Dr Eugene Heimler developed an innovative and unique form of psychotherapy, the Heimler Method of Social Functioning, which has enabled countless individuals to find meaning and new direction in their lives and turn frustration and disengagement into creativity and involvement. Peter Hudson provides a very personal review of Dr Heimler’s account of some of the experiences that helped mould his now widely used counselling techniques.
No understanding of the power of listening is complete without appreciating the work of Eugene – John – Heimler, a truly great listener and founder of a counselling method known as Human Social Functioning. Carl Rogers was perhaps one of the best known ‘listeners’ of the 20th Century. John Heimler is less well known, similar and yet different. It is the work of John Heimler which forms the basis of the Listening Skills Training for teachers that is taught by Consilium Education and the Motivated Learning Trust.
I was privileged to have known John and to have had him as my therapist whilst in training.
Andy Homden first met Nicky Quekett in 2007 when, at the age of 88, she flew from Perth in Western Australia to Bangkok, to celebrate the 50th Anniversary of Bangkok Patana School, where she had been principal in the 1960s. Nicky belongs to what has been described as the Greatest Generation: the people who grew up during the great depression, joined the armed forces during the second world war and raised their families in the tough, yet hopeful period of post-war reconstruction.
A chance conversation
I had just finished having breakfast at what used to be called a country house party in the UK. Having listened to several guests for several minutes, asking them about their work and families, I was asked what I did. ‘I teach teachers how to listen’, I replied. One of the guests, herself a retired teacher, said ‘Oh that’s the top skill in teaching!’ When I asked her what she thought the reason for that was, she said ‘It builds respect with the students and when you have that you can achieve so much more with them’.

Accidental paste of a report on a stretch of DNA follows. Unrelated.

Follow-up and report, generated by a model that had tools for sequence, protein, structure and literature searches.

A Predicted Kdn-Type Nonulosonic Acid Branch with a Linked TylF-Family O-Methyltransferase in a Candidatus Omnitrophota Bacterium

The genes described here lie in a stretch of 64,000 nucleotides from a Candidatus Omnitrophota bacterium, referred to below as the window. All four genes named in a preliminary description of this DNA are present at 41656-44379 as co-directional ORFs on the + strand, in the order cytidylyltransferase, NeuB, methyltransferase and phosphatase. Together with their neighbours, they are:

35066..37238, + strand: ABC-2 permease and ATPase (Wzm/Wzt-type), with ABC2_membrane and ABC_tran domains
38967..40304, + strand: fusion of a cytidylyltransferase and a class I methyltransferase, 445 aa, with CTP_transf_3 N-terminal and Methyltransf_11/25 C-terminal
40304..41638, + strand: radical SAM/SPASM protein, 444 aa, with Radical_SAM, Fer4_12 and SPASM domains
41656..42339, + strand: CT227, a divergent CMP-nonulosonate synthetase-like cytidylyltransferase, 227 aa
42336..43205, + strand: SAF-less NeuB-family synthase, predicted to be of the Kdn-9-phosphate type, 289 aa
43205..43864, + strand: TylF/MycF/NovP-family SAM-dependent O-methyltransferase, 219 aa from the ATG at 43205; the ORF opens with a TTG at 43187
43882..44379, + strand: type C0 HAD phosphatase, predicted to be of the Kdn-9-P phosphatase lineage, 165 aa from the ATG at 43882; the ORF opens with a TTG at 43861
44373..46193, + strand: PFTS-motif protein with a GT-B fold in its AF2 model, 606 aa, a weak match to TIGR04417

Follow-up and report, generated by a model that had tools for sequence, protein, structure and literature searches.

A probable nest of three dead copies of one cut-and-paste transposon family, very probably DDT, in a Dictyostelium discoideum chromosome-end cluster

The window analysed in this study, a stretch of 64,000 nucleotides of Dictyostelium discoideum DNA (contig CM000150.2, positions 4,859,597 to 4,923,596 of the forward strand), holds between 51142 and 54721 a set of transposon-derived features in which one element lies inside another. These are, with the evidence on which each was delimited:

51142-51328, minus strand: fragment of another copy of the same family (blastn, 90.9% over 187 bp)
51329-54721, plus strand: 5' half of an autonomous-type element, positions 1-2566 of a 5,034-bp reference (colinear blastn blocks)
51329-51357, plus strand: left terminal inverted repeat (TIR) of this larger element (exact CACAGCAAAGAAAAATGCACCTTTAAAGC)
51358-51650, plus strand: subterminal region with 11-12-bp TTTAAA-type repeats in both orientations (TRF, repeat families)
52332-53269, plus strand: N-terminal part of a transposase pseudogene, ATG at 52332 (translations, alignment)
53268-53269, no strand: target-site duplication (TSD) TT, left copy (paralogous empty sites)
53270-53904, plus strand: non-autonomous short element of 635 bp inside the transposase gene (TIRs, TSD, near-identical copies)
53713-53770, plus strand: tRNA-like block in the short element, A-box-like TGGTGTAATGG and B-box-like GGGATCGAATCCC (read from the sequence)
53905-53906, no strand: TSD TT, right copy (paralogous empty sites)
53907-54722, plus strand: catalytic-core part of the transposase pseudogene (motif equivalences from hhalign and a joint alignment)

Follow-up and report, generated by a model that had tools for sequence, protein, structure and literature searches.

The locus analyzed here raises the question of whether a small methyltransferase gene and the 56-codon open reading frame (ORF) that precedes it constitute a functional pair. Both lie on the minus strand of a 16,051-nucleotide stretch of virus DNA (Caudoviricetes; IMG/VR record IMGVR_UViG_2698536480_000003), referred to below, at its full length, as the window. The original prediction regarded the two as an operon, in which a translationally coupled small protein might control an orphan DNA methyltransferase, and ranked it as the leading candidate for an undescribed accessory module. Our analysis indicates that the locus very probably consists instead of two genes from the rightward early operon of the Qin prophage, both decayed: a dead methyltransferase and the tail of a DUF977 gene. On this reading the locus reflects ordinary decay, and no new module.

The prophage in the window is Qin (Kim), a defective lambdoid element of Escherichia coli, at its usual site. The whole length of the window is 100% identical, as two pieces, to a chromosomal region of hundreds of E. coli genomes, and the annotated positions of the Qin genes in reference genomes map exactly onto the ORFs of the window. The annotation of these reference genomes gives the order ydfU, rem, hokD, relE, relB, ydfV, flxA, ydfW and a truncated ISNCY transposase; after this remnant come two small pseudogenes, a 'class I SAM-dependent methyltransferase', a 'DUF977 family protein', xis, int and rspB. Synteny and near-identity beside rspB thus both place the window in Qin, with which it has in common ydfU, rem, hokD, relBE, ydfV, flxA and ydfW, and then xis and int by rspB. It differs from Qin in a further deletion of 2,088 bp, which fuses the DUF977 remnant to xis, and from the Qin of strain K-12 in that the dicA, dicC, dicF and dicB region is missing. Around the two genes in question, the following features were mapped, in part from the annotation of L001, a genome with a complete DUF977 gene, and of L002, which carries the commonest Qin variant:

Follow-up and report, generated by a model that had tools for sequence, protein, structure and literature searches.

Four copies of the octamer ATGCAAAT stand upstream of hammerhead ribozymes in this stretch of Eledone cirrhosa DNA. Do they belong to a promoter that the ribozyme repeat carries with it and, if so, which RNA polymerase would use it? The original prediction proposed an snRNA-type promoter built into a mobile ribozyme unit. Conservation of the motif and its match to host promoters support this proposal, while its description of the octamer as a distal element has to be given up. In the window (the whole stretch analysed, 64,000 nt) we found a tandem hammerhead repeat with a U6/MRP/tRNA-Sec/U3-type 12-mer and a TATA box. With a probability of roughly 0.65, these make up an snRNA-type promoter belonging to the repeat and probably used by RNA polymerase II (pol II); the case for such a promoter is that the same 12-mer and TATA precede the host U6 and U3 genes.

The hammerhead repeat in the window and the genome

Bryan Massingham’s account of his pursuit of “a long-held desire” to establish a first-class outdoor centre and the difficulties encountered on his journey, serve to reaffirm the wisdom of following one’s dream. The centre he and his wife Rose established 12 years ago has also been recently developed to accommodate individual travellers looking for somewhere to chill out in this beautiful hill country.
Peter Hudson looks at how the listening skills of a teacher who had been trained in active listening skills helped support a student to find their own way to access new aspects of the school curriculum and ultimately achieve success.
Listening Quote of the Month:
As no one else can know how we perceive, we are the best experts on ourselves. Carl Rogers, 1902 – 1987
For teachers, the old Socratic idea has always been important – you’ve got to be yourself to be successful in the classroom. But how do you get to know yourself? One answer is to know where the boundaries to your own comfort zones are and then think about crossing them and see how you feel. If you need inspiration, perhaps find it in people who are rather more daring than yourself.
Whilst hugely rewarding, the role of international teacher can also be demanding and tiring. Finding opportunities to unwind and revitalize are essential if you are to get the most out of your role and provide the best for your students. Brian Ambrosio discovers an ideal and unheralded place to relax and recharge.
Empathy: a handbook for revolution, published in the US as Empathy, why it matters and how to get it.
Roman Krznaric, Rider Books, 2014
The importance of empathy
For philosopher Roman Krznaric, western society has painted itself into something of a corner. The prevailing political and social orthodoxy of our time is rooted in competition, the needs of the individual and introspective obsessions.
As part of a regular series of articles about listening, Peter Hudson, of Consilium Education considers the links between listening and success, and asks is the right kind of listening really happening in schools and businesses?